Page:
Proposed FEC Misappropriation Policy
Internal Controls Being Encouraged by the FEC
The Federal Election Commission (FEC) is taking steps to encourage political committees, including political action committees (PACs), to implement internal controls to prevent the misappropriation of funds. This action is being taken in response to several recent high profile embezzlement cases, including one which resulted in Lockheed Martin paying a $27,000 fine for failing to take proper precautions related to its PAC.
On October 18, 2006, the FEC commissioners voted unanimously to release for public comment a proposed enforcement policy that outlines minimum safeguards for committees. The FEC also proposed several steps that should be taken after the discovery of embezzlement. If these procedures are followed, the FEC will not fine political committees for filing incorrect reports resulting from misappropriation.
These recommendations should be viewed as the minimum a committee should consider. In its proposal to the FEC commissioners, the FEC Audit Division indicated that larger committees, including corporate and labor union PACs, should view these suggested internal controls as the floor, not the ceiling in FEC compliance.
This policy is only a proposal at this time. Although it is likely that the final policy will closely resemble this proposed policy, the FEC is currently accepting public comments and may ultimately approve revisions. All comments are due by November 30, 2006.
Internal Controls to Prevent Misappropriation
The FEC proposes that all political committees adopt the following internal controls:
- bank accounts must be in the name of the committee, not an individual
- outgoing checks in excess of $1,000 and all wire transfers must be signed or authorized by two individuals designated in the committee’s internal policies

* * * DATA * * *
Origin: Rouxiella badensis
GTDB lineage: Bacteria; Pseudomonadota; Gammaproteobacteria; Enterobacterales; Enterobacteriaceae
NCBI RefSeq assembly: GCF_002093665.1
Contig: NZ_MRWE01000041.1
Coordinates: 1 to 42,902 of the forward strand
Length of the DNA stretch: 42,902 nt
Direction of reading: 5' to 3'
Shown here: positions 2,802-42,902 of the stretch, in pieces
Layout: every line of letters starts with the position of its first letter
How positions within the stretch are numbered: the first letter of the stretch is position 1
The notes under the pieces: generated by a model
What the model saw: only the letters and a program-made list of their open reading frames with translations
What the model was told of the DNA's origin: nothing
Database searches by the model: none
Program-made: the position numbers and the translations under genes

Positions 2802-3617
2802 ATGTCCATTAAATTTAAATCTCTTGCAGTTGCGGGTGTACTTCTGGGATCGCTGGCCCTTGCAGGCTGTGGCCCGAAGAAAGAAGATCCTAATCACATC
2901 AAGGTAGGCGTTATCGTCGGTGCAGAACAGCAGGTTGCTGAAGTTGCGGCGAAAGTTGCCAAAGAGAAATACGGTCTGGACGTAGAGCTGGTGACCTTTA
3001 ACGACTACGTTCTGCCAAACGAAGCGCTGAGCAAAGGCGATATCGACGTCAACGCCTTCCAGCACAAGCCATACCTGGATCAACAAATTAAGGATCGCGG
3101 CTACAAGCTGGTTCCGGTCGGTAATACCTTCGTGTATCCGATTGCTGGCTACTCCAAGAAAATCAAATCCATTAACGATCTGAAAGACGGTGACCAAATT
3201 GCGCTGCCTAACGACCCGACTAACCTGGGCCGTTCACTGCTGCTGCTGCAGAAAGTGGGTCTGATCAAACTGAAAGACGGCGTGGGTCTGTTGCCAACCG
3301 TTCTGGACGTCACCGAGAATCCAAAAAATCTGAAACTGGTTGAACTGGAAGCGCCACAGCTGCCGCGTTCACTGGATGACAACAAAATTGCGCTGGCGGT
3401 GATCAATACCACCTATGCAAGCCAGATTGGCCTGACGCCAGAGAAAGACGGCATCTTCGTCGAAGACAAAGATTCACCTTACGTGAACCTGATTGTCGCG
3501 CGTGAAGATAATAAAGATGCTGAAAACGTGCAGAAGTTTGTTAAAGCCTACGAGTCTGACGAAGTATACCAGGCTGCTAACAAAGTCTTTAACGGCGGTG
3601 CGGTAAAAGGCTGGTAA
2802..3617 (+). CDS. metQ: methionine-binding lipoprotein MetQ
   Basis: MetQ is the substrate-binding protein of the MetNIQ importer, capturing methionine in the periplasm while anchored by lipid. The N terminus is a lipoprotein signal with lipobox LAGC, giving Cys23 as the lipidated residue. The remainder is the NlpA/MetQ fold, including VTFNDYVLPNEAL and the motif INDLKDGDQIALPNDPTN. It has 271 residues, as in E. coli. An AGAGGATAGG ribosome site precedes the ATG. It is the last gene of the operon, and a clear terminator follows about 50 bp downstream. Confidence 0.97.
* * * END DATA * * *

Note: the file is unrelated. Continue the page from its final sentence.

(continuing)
- incoming checks must be received by an individual who does not also handle the committee’s accounting or banking functions; this individual must keep a list of all committee receipts and place a restrictive endorsement (e.g., “For Deposit Only”) and the account number on all checks
- bank statements must be reconciled with accounting records and the list of receipts each month by someone other than an authorized check-signer or the individual handling the committee’s accounting
- petty cash must be handled using an “imprest” system with no more than $200 outstanding at any time
After discovering the misappropriation of funds, committees must:
- notify relevant law enforcement
- notify the FEC
- voluntarily file amended reports with the FEC to correct any reporting errors
Although this policy is not yet final, nothing prevents a committee from proactively taking action. Accordingly, prior to FEC final approval of the new enforcement policy, all committees should:
- review current practices to determine compliance with the proposed policy
- review bylaws to determine compliance with the proposed policy
- consider implementing necessary changes prior to final approval of the policy
- notify relevant personnel of any new procedures
After FEC approval of the new enforcement policy, all committees should:
- review the final FEC policy
- implement any changes necessary to ensure compliance
- provide relevant personnel with compliance training on new procedures
Aside from this new FEC guidance, other steps committees can take to minimize the risk of misappropriation include:
- purchasing accounting and FEC filing software
- regularly reviewing and updating committee bylaws
- providing periodic compliance training to relevant personnel
- having all FEC filings and committee documents reviewed by counsel
- performing an audit at least once every two-year election cycle
- outsourcing some or all committee functions to an outside entity
Federal law requires all political committees to file accurate and complete disclosure statements with the FEC. In order to ensure compliance with this requirement, all committees should implement the proposed system of internal controls outlined above. This will improve the accuracy of reporting and reduce the possibility of misappropriation. However, no system of internal controls guarantees compliance, so those involved with committees must be vigilant. Additionally, any politically active corporation or other business entity should not limit its system of internal controls to federal PAC activity. Illegal fundraising activity by employees, improper corporate contributions at the state or local level and inaccurate state PAC reports can also result in fines, criminal prosecutions and negative publicity. Accordingly, businesses should institute comprehensive internal controls that incorporate all relevant political activities.